Feast of the Day: Conversion of St. Paul – January 25
January 25 is the feast of the Conversion of St. Paul (Acts 22). Most of us are familiar with the story. Saul – his original name – was a Pharisee who was persecuting the very first Christians. (At that early stage believers called themselves Followers of the Way. The name Christian would come about later in Antioch)
St. Paul was on his way to Damascus with documents authorizing him to arrest and bring back Christians to Jerusalem for trial by the religious authorities. Scripture makes no reference to a horse, which is usually part of the depiction of the scene in which St. Paul is blinded by a bright light and falls to the ground. He hears a voice utter the now famous words “Saul, why are you persecuting me.” In the exchange, St. Paul asks who it is that is speaking to him – the response, “I am Jesus, the Nazarene..”
According to scripture, we know that Paul was from Tarsus and that he was also a Roman citizen. His letters to the early congregations (churches) are the oldest documents in the New Testament. They reveal a man who is thoroughly Jewish in his mode of thinking and speech. Yet he is Christianity’s link to the larger Hellenistic world.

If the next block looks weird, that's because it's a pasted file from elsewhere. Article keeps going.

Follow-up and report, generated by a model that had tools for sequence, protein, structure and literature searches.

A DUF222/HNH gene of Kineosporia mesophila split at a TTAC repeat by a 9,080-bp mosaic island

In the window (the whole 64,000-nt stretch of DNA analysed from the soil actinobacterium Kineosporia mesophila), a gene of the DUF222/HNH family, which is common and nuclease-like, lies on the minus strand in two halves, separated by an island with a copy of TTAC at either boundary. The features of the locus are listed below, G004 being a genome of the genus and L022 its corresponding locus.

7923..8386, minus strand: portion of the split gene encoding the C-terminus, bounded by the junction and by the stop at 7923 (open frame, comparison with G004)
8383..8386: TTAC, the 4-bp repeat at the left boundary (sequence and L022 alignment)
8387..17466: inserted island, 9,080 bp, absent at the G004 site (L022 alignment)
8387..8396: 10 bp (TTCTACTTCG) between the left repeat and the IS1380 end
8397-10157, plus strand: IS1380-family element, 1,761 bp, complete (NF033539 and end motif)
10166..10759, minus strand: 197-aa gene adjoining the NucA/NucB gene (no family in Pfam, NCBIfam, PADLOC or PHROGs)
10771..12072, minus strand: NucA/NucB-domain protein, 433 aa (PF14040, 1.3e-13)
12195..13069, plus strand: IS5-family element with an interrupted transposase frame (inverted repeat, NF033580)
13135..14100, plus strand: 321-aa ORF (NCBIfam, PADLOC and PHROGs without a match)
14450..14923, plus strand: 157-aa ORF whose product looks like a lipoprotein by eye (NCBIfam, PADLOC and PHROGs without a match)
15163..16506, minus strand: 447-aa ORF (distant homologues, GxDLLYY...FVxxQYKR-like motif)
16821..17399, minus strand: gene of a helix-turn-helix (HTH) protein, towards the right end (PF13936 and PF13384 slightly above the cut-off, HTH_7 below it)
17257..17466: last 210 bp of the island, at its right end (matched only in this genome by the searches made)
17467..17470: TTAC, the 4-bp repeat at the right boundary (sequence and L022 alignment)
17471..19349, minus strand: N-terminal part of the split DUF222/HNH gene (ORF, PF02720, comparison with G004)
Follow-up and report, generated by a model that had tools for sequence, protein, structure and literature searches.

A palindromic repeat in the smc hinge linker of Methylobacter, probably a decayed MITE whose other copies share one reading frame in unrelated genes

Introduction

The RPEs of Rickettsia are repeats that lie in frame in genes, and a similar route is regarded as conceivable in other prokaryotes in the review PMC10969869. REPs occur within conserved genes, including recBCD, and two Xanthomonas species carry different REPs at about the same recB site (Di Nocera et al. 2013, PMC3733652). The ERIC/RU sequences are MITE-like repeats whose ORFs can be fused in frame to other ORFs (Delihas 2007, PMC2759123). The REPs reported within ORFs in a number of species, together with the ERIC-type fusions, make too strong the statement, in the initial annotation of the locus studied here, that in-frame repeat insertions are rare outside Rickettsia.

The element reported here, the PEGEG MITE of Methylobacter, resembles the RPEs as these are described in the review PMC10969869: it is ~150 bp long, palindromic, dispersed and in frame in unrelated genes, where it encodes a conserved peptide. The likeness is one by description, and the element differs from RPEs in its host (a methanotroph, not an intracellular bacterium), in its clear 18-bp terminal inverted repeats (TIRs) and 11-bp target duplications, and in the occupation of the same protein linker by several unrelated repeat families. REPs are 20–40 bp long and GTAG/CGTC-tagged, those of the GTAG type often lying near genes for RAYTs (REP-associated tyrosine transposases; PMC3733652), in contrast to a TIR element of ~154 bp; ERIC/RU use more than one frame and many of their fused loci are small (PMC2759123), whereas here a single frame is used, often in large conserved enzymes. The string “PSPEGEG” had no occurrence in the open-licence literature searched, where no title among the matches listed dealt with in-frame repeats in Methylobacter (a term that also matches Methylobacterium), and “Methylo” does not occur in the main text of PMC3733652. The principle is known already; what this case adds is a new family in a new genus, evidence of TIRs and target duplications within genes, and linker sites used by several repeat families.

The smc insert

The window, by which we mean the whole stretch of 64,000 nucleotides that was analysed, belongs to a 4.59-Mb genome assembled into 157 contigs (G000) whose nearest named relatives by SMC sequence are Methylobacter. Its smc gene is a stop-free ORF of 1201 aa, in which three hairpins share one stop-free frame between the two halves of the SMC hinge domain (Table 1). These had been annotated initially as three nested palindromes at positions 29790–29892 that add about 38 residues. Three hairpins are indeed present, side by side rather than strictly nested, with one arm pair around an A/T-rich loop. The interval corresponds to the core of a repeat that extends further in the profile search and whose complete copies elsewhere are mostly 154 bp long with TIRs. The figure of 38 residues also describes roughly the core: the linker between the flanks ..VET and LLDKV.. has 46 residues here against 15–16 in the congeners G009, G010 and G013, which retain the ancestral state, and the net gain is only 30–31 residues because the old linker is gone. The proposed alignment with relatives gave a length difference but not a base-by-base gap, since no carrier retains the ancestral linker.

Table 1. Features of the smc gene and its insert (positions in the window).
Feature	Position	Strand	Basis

For those who like to emphasize the important role of St. Peter in the development of the Church, it can come as a shock that he and St. Paul disagreed so strongly about the incorporation of non-Jews, or gentiles. Some of us contemporary Catholics – with a certain sense of ironic humor – see this conflict as the first among many between a Pope and a theologian.
What is most significant about St. Paul’s conversion is his acceptance by the leadership of the early Christian community. Although they had substantial reasons to distrust his sincerity, they forgave an enemy – even one who had been an accomplice in the stoning of St. Stephen, the first martyr. They forgave a man who arrested and imprisoned their family members and friends. The book of the Acts of the Apostles shows that the leadership and the community had their misgivings, but they helped the repentant Saul to demonstrate his conversion, acting as mentors, teachers, and friends. Some helped more than others, and many not at all, yet it was enough. And as they say… the rest is history.